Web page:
Sometimes parents just don’t understand, sometimes they do

January 18, 2011
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With the help of my younger brother, 30, and sister, 28, I have spent the last month nursing my mother back to health after she had surgery. Her doctor found a tumor in her stomach, and she had to have her stomach taken out. The surgeons connected her esophagus to her intestines.

She’s doing well now.

But it was through this experience I learned that the real cancer in African-American culture, or at least for me, is the pain suffered at the hands of parents. I learned that pain is recycled unless confronted, acknowledged or somehow resolved.

I thought I buried those issues.

My mother lay in the hospital for seven days. For seven days I had the responsibility of making sure my younger brothers, 8 and 13, got to school with lunch in tow. I then had to go about my routine, go back and pick them up, take them to the barbershop, make sure they did their homework, ate dinner and went to sleep. And I had to visit my mother at the hospital. Finally, I had to finish whatever I couldn’t finish during the day time. I even updated my Facebook status as: “New found respect for mothers, esp. my own. I did it for a week and I am knackered and not to mention that my lil bros are 8 and 13.

By Day Four, I was exhausted. I started to resent my mother, not for the cancer, but for the fact that hardly anyone else came to visit. I started to feel upset about nights during my teenage years when she chose to spend time with other men than with me, times when she left me to the elements of Austin. I started to think about all of the other things that I could have been doing with my time besides taking care of her children while she was recovering.

I think parents sometimes forget that children have feelings, too. I think they dismiss the notions of individuality. My parents were ones who didn’t take kindly to asking the reasons behind some actions. They always used some generic term: “Because I am the grown up and you are the child.” Or if you had really religious parents, they would beat you, then quote some scripture about honoring thy mother and father, or spare the rod spoil the child.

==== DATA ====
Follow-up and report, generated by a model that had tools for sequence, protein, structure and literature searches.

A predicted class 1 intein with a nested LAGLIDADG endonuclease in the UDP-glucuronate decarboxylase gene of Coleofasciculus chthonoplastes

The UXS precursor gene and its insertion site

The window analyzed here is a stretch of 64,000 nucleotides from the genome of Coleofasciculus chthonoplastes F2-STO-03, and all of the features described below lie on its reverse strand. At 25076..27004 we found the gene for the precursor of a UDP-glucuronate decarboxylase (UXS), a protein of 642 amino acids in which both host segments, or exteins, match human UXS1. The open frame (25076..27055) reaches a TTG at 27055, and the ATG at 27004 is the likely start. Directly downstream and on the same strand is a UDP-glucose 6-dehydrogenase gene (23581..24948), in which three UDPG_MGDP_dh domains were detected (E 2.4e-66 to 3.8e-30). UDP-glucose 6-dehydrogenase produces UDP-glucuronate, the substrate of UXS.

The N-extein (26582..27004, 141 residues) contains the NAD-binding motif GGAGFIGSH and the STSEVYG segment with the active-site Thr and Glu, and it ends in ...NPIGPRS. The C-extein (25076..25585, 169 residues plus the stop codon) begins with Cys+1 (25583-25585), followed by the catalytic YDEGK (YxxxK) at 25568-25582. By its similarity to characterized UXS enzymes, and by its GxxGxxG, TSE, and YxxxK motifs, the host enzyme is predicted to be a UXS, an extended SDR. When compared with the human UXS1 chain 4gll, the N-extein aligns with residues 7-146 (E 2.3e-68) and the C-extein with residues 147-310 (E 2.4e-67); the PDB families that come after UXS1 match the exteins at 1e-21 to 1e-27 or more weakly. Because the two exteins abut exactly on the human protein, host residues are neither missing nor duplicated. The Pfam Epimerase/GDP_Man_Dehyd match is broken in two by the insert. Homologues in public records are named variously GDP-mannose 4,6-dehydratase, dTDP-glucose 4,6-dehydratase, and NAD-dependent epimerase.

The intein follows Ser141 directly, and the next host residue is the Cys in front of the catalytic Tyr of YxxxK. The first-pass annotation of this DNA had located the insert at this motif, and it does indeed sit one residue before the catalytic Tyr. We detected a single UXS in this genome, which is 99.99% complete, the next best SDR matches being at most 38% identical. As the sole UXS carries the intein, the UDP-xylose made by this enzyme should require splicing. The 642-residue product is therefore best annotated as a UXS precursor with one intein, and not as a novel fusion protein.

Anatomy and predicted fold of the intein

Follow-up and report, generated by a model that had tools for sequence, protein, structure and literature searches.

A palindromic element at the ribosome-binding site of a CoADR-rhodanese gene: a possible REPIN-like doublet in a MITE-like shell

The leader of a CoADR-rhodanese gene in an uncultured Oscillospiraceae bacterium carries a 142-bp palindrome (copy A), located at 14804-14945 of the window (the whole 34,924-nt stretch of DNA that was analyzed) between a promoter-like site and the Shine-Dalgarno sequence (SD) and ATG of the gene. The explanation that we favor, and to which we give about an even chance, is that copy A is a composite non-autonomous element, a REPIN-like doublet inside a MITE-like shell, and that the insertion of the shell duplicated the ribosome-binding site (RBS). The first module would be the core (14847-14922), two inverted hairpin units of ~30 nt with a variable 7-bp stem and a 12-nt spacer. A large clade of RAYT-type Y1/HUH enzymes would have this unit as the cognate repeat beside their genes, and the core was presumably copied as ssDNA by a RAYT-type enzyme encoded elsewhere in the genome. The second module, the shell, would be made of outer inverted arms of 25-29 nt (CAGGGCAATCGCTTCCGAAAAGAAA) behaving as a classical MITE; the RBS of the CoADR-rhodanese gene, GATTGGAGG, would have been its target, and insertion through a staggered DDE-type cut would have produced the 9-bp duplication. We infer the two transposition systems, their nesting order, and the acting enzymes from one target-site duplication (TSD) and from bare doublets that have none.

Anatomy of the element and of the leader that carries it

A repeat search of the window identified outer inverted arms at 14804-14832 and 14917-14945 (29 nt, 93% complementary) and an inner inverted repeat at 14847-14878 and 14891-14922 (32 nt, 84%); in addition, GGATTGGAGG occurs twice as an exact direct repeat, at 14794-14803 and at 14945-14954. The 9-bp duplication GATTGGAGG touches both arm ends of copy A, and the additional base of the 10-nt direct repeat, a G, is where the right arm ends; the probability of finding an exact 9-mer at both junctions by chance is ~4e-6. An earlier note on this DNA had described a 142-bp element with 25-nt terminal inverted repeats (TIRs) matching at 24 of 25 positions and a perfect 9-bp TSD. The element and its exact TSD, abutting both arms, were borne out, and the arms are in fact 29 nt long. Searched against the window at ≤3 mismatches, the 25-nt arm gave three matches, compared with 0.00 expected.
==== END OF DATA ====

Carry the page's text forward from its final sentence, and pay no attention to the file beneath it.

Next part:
I learned that I still resented her for some decisions she made that affected my life.I realized that unless I dealt with these issues they would manifest in other ways, against other people. And I’m sure I have done that a lot already (I apologize).  Some people say that the way a man treats a woman is dependent on the relationship with his mom, I don’t know. But I do know that for the first time I think she dug deep to hear me and not listen. And maybe those times when I spoke out or acted out was to get her attention. Either way, we got what we needed.

I forgive her now, but it wasn’t until her hospital stay that I had to confront issues that I still harbored. I finally found time to express those feelings to her just recently. She acknowledged them and said where we both went wrong. We understood where we both took each other for granted.

We are both still healing.

austintalks.org@gmail.com

5 thoughts on “Sometimes parents just don’t understand, sometimes they do